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WLNG

Letters to the Editor

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The Right Thing


Dear Rick,

As you may remember, this past spring and summer were over heated due to not only record drought and temperatures but also a battle between passionate factions defending the right and well being of two opposing members of our local community. An altercation involving Luis Ochoa and Mark Dombrowski took place in Montauk, setting off one of the most contentious public campaigns of newspaper spin, letter writing, and inappropriate, coercive lobbying of local and county law enforcement, town officials, and clergy by community and outside activists. This small group attempted to force their own one sided, short sighted views and agendas on the entire populace. Groups attacked both sides at every level of power. Their inappropriate influence on officials created more damage than good. They failed, as these groups usually do, to look at both sides, the future effects of any outcome, and the well being of the entire community. They capriciously used this simple case of road rage and the two men involved as pieces in play.

Ultimately they were told to leave the situation alone. They were urged to quiet down and allow our judicial system to determine a just verdict and closure to this case. Finally, after much outcry from the public, they did. The D.A. completed his job unfettered by political threats and public whipping. He was unafraid and so did a thorough and fair investigation.

I was fortunate enough to be in the courtroom Thursday morning as the D.A. and our local Justice decided the fate of Mr. Dombrowski. I heard the negotiations (not much privacy and no attempt to hide anything). Ultimately it was a simple determination based on the fact that the "complaining witness" and the state were unable to prove this case. At the time of the incident, police did not find evidence of injuries substantial to the charges levied by the "victim." In order to prove his case and despite being directed by authorities to undergo further, more intense physical examination, he either would not or could not show evidence of the "beating" he supposedly sustained.

After the acrimony and animosity created by undue force these groups exerted, justice was served. Mr. Ochoa was represented energetically and with diligence. Mr. Dombrowski was meted an honest and fair punishment. I left the courtroom surprised, pleased, and proud of the people who stood up and did the "right thing." Even with all the pressure to slam this guy, his rights were also protected.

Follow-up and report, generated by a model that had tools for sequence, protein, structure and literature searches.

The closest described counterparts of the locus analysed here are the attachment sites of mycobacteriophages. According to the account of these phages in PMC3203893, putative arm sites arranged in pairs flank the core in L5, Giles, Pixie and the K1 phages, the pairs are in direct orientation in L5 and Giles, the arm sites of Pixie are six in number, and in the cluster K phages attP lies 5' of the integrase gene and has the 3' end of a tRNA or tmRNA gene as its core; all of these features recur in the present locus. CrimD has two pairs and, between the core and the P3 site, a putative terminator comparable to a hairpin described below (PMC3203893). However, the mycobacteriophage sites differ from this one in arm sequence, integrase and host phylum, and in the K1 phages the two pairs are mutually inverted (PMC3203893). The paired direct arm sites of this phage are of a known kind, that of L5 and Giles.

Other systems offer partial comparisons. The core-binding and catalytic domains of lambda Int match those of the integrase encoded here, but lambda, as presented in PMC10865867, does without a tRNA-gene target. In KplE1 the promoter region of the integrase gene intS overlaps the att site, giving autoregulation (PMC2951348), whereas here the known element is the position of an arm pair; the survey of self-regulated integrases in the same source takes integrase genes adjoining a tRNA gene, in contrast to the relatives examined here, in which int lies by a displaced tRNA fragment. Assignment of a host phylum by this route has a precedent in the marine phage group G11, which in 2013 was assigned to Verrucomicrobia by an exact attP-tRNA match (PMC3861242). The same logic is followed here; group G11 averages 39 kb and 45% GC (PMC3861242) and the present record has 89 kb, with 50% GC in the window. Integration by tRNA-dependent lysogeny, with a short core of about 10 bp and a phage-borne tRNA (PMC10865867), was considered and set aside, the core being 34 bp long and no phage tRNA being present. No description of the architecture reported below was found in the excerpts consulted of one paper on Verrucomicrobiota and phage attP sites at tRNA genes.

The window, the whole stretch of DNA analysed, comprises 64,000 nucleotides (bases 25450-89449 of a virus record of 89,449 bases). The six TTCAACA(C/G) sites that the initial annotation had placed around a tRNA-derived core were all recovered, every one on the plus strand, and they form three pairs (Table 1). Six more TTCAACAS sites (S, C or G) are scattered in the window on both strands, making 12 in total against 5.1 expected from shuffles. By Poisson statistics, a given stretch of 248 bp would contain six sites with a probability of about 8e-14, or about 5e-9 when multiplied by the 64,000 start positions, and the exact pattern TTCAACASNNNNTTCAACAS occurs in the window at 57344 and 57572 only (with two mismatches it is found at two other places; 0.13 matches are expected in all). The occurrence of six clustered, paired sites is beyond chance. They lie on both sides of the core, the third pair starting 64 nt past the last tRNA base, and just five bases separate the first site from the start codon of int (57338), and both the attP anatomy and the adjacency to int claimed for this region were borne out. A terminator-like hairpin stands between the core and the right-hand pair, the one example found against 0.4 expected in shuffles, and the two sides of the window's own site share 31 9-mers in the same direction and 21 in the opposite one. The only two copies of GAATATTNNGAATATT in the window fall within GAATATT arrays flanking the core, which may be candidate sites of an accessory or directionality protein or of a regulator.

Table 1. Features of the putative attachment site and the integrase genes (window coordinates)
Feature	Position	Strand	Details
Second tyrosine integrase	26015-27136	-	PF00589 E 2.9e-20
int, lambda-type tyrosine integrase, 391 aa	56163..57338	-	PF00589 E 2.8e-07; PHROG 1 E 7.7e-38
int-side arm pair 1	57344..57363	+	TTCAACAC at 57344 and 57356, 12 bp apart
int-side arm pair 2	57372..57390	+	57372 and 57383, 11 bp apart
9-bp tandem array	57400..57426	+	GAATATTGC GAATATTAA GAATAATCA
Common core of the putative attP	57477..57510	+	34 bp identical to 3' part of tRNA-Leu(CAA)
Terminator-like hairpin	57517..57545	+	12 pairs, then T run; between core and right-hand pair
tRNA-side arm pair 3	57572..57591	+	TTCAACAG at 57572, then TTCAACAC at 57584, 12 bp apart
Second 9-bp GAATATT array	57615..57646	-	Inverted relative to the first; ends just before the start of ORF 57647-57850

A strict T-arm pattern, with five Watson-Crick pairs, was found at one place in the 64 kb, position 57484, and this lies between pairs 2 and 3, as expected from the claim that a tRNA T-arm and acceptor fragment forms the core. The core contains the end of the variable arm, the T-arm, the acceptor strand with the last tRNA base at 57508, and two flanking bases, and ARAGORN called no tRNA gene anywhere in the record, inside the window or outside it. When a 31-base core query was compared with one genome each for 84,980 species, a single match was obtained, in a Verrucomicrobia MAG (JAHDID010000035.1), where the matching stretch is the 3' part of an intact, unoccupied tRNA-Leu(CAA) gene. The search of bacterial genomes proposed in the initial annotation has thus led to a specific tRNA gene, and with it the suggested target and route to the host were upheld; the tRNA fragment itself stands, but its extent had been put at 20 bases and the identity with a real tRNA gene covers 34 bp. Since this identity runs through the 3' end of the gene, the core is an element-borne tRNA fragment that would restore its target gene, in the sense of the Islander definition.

I read a small blurb in Newsday wherein Michael O'Neill of the local anti bias task force commended the courage of conviction exhibited by Mr. Ochoa. I feel as he does. With the heat generated by this case, it would have been easy to simply let it go.

It should be known that Mr. Dombrowski could at many points in the legal proceedings simply have pleaded out of his situation. A quick and relatively painless end to his situation was offered. With the lack of evidence to back up allegations, offers of lesser charges and lesser punishments were offered. Dombrowski stood firm in his knowledge. He had not inflicted the brutality and injury alleged. He would not be railroaded or bullied!

He also recognized the importance of his particular case as it would affect future policy and practice. Because of his refusal to take the easy way out he has reinforced every citizens' right to a fair trial. It was his right to be judged solely on the evidence provided, and not used to incite discourse, further a cause or create careers. While suffering abusive and inappropriate personal attacks, his quiet and patience during these proceedings allowed the community to find a more peaceful resolution to what promised to be a deeply traumatic split in our race relations here in town. are to be commended. Politics lost out this time around!

MICHAEL R. DICKERSON

Editor's Note: Newsday, and members of the Anti-Bias Task Force, still routinely refer to Ochoa as a "beating victim" even though there is no evidence of a physical altercation and despite the fact the court threw out the charge.

MICHAEL R. DICKERSON
April 04, 2006

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